No parents want to see their child in pain, and most parents will do everything in their power to protect their children from any sort of suffering. But how do we raise a balanced child with self esteem, respect, and resilience that can handle the pressures of being an adult in the future?
Most adults have plenty of war stories about the tough times in their childhoods, and most of us, if we were honest, are pretty grateful for most of it as it’s shaped us into the awesome humans we are today. Only problem is it’s made us so strong that we foresee danger and every fibre in our body wants to ensure our kids never endure the hurt that we went through. But are we robbing them of building their own growth and resilience?
The big one for me is I’ve been protecting my kids from toxic relatives that I don’t want to emotionally scar my children. I’ve wanted to ensure my kids never feel the pain of disappointment, or the pain of rejection, or the confusion of having a relative that lives very differently to you. But I have realised I am making a big mistake, that I am robbing my children of moments to learn what is good and bad in life, and skills and strength of character to get through the tough times in life, and of course the motivation to want more from their life than I am able to give them.
As a child I certainly learnt what I think is good and bad, and what I do and don’t want in my life. And I have been very motivated to live a different life to how I was raised, and I have certainly built up a huge resilience to life’s down moments. But I worry that my kids have not been learning these skills because I have been protecting them so fiercely.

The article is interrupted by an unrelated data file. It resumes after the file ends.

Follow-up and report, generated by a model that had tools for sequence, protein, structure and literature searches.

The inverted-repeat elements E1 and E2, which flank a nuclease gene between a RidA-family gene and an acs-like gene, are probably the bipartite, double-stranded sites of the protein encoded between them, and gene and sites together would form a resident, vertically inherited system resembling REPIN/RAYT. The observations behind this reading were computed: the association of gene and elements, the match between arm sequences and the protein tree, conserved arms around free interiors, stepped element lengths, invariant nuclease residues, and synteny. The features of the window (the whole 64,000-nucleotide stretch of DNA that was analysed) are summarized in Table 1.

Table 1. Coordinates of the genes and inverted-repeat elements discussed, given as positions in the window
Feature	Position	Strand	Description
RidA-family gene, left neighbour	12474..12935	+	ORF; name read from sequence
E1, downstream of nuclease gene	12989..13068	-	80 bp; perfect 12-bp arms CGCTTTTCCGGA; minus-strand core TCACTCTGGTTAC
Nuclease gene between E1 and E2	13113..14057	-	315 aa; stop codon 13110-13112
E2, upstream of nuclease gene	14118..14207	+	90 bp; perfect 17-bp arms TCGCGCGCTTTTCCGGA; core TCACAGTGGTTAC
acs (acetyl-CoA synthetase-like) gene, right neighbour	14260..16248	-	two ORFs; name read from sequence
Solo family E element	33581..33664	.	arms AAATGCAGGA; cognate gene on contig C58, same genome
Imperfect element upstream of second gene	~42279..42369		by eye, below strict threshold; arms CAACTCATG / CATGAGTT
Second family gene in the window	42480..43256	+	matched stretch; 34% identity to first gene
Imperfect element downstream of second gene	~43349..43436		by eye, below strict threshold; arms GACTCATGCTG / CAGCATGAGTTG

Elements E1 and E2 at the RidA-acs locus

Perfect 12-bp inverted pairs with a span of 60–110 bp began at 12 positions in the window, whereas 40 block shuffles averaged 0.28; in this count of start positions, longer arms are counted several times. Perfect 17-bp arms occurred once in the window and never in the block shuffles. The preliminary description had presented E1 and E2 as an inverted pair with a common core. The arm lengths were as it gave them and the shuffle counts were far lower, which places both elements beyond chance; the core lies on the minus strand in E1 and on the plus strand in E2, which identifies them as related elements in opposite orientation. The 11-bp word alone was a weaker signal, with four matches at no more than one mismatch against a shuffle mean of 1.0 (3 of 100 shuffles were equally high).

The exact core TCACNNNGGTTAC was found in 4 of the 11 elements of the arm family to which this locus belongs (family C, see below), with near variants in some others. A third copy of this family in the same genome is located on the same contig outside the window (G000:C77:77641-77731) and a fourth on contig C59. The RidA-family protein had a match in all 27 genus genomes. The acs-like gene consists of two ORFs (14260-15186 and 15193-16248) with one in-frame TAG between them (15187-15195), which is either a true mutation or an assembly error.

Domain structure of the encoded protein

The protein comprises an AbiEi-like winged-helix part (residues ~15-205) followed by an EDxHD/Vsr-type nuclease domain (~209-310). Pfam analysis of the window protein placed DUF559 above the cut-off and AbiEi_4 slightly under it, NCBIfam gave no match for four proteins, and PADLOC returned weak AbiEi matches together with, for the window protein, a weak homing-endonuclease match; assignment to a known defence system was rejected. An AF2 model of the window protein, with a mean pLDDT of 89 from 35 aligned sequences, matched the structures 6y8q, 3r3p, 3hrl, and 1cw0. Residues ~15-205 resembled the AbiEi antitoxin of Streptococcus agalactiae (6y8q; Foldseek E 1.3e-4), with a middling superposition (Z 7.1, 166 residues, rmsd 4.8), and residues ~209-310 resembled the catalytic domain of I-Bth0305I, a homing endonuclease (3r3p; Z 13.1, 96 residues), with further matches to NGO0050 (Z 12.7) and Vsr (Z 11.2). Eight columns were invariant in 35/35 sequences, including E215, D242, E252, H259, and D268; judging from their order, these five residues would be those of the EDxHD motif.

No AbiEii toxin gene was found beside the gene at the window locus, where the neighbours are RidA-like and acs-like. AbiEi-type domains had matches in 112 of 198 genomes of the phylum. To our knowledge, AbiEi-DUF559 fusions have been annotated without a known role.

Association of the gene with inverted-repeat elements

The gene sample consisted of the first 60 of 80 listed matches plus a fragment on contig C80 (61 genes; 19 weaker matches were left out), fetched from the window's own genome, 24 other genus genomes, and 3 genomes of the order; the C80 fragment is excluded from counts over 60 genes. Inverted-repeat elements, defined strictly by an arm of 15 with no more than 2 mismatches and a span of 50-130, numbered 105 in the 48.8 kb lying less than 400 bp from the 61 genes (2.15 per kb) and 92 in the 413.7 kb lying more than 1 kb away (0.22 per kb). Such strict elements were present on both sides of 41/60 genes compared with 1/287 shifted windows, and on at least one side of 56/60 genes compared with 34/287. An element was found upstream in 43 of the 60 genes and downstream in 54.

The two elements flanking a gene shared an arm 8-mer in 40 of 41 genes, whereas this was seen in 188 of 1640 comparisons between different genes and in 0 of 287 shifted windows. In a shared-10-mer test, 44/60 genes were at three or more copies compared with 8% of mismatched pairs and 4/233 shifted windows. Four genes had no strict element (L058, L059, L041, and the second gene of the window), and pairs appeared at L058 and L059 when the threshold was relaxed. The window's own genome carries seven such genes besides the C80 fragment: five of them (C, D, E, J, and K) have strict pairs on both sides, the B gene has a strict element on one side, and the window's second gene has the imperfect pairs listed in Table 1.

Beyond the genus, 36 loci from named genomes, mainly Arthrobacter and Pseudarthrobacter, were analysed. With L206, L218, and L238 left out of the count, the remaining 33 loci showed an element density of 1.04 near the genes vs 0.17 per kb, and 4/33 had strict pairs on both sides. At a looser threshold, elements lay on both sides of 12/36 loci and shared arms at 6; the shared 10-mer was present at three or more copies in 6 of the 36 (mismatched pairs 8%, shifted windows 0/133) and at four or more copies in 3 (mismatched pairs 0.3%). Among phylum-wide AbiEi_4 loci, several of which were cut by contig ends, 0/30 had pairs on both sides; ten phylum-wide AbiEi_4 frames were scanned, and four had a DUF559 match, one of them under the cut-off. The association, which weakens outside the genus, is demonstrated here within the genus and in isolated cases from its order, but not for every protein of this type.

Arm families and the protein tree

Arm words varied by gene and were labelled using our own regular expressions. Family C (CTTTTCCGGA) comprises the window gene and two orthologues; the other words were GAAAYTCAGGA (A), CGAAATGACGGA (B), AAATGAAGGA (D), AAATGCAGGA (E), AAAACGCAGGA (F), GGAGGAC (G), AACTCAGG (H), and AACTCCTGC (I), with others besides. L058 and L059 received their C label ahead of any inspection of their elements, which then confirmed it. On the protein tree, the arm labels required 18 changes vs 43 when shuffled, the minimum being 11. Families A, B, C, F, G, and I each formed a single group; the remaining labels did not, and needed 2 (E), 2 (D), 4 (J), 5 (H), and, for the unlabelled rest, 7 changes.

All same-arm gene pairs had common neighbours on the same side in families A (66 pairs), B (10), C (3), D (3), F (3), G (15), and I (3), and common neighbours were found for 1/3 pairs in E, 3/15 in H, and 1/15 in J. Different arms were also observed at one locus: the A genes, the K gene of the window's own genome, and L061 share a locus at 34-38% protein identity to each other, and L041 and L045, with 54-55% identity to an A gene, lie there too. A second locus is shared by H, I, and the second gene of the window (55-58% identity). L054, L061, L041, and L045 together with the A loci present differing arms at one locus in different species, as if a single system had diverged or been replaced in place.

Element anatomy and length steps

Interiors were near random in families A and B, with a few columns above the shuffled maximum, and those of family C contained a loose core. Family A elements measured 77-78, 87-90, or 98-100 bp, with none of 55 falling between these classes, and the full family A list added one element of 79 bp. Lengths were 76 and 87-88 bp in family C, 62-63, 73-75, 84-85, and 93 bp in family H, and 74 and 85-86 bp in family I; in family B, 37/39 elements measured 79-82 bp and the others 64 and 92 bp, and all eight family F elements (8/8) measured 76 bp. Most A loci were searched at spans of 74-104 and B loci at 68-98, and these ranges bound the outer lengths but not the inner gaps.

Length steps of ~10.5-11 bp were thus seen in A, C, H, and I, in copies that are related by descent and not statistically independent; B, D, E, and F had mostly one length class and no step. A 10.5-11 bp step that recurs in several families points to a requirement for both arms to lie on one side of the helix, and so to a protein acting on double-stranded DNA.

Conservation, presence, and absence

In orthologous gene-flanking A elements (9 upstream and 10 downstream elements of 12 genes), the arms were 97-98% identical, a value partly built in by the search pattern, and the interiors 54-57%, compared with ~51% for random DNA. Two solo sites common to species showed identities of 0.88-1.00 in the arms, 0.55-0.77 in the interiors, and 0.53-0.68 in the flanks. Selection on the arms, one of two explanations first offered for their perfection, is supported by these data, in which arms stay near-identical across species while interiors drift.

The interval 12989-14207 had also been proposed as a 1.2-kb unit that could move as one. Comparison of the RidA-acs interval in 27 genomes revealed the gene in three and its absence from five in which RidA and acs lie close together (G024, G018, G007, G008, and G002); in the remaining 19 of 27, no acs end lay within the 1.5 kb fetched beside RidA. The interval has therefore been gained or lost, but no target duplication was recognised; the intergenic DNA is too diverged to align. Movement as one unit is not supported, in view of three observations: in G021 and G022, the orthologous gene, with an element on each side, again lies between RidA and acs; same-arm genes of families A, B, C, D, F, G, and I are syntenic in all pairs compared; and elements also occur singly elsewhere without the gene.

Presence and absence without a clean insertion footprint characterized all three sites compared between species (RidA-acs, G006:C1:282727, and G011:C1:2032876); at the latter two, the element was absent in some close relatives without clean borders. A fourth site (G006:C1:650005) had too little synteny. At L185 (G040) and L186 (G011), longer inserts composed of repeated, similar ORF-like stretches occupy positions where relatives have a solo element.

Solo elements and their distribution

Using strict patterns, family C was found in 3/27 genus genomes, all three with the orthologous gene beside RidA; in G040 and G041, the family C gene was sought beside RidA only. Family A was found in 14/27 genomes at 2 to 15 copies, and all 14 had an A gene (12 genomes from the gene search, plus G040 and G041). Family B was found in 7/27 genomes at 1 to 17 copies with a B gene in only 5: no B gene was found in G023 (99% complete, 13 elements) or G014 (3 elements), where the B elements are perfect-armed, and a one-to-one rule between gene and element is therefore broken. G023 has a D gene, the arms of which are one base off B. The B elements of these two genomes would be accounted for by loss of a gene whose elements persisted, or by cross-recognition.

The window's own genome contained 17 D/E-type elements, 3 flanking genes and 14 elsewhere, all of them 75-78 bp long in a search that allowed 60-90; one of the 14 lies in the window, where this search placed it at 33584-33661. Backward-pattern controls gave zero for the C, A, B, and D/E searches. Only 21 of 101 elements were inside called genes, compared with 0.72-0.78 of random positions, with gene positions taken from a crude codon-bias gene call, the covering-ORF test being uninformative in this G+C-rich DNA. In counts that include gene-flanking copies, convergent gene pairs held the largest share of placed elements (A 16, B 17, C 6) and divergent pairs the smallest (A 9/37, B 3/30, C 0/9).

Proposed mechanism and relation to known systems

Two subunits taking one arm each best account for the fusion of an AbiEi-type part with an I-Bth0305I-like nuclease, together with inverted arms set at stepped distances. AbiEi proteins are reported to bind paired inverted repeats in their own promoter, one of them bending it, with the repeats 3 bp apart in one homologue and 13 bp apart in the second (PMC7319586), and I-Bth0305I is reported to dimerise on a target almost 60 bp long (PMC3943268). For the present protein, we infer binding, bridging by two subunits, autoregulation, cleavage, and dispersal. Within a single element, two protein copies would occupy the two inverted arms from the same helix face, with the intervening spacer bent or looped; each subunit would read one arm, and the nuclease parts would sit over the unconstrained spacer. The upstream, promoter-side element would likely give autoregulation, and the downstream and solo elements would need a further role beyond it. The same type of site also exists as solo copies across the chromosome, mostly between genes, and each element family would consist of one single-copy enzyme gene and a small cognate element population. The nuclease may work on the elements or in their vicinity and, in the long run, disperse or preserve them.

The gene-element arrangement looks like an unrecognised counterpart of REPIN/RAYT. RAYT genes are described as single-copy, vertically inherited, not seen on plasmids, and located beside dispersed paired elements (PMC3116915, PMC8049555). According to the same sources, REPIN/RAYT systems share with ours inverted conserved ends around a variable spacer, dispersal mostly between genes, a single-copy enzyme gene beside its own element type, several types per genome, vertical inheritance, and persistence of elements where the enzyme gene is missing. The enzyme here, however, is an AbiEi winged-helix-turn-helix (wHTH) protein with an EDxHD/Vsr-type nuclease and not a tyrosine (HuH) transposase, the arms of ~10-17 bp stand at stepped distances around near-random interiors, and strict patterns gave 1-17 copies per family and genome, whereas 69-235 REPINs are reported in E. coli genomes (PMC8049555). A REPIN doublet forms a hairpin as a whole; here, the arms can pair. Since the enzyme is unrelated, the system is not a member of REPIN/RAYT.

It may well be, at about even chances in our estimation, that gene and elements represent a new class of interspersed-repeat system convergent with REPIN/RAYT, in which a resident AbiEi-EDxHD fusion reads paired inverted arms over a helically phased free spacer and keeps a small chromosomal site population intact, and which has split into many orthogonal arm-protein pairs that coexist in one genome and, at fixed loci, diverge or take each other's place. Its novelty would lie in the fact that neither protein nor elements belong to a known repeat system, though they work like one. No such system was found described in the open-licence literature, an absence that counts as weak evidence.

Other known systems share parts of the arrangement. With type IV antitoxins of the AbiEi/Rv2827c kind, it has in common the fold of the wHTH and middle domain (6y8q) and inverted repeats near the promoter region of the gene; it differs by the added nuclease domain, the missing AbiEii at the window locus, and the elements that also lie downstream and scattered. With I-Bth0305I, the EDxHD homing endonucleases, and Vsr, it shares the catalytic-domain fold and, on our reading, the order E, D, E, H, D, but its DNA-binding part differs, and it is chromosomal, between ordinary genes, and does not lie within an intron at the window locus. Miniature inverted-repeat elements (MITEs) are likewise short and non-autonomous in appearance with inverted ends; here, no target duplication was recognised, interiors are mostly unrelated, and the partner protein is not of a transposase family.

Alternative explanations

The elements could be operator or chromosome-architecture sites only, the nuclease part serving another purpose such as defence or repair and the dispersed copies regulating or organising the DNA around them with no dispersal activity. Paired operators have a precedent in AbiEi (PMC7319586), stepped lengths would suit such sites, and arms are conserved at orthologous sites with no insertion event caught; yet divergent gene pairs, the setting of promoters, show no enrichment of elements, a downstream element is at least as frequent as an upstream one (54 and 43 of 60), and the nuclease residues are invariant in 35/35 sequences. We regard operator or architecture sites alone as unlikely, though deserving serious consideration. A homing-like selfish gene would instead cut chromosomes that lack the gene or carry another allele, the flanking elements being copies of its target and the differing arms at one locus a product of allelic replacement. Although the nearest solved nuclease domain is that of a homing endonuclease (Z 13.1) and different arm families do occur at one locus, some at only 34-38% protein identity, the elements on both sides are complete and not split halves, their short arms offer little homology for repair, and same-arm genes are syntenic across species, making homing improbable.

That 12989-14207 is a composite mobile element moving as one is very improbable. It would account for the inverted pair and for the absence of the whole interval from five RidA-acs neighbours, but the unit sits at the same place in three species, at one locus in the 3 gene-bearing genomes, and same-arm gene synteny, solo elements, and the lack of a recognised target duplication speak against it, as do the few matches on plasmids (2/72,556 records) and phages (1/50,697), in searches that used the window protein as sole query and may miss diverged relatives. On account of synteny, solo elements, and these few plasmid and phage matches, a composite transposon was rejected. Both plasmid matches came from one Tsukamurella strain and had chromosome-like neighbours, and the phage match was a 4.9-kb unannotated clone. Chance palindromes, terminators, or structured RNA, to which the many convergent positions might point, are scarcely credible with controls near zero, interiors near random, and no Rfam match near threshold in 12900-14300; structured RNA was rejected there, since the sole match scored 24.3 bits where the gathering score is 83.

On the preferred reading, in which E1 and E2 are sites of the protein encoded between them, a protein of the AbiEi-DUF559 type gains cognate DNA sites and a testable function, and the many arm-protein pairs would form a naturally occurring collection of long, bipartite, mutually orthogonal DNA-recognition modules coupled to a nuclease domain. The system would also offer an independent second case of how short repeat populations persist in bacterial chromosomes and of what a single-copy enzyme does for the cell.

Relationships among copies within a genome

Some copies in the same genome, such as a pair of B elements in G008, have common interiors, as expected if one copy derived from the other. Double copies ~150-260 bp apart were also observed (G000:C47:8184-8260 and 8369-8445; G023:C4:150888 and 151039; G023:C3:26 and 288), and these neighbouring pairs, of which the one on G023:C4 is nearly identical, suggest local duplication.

Sure, I in no way will put my children in any sort of danger, and I am going to be extremely challenged internally if I subject them to any sort of pain and suffering. But as they say, strength and growth only comes through continuous effort and struggle. And this is why we have to watch our kids struggle – even if we can fix it, we really shouldn’t.
We aren’t born with resilience, you can only grow resilience through, I hate to say it, pain and suffering. Think of resilience as a rubber band. You get stretched and don’t think you can stretch any further, but then you spring back stronger than ever. A rubber band knows it’s limits so that it doesn’t snap and it can spring back and forth many times and hold things together. But if a rubber band is never stretched until it’s older, it will likely snap the first time.
So in a nutshell, we need to get comfortable with making our kids uncomfortable, and able to deal with the uncertainty of life. How can you help your child build resilience, problem solving skills and the ability to deal with the uncertainty of life?
Here are 10 ways
1. Don’t solve all of of your child’s problems
Kids lost their teddy that you said to leave at home, or forgot their drink bottle on a day out, or forgot their instrument for school? The only way they will learn and not do it again is if we don’t fix it.
2. Don’t over protect your kids
Like I said earlier, I have been protecting my kids from certain toxic relatives and people as I don’t want them to emotionally harm or disappoint my kids. But the only way they will learn that Aunt Betty drinks to much and that it’s not good to be like aunt Betty is if they work that out themselves and come to you with questions to discuss. Kids within reason, need to be able to make decisions around what they think about people. My alcoholic uncle taught me a lot, thus I rarely drink as an adult.
3. Don’t satisfy your child’s every need
Going without, and working towards things is the only way our children learn the value of a dollar. If our children are like caged lions that just get fed every day, then they will laze around licking themselves expecting everything to fall at their feet. If, however, their every need isn’t being met, they will hunt, and they will learn new skills. Sometimes they will go hungry, but they will try harder to avoid ever going hungry again.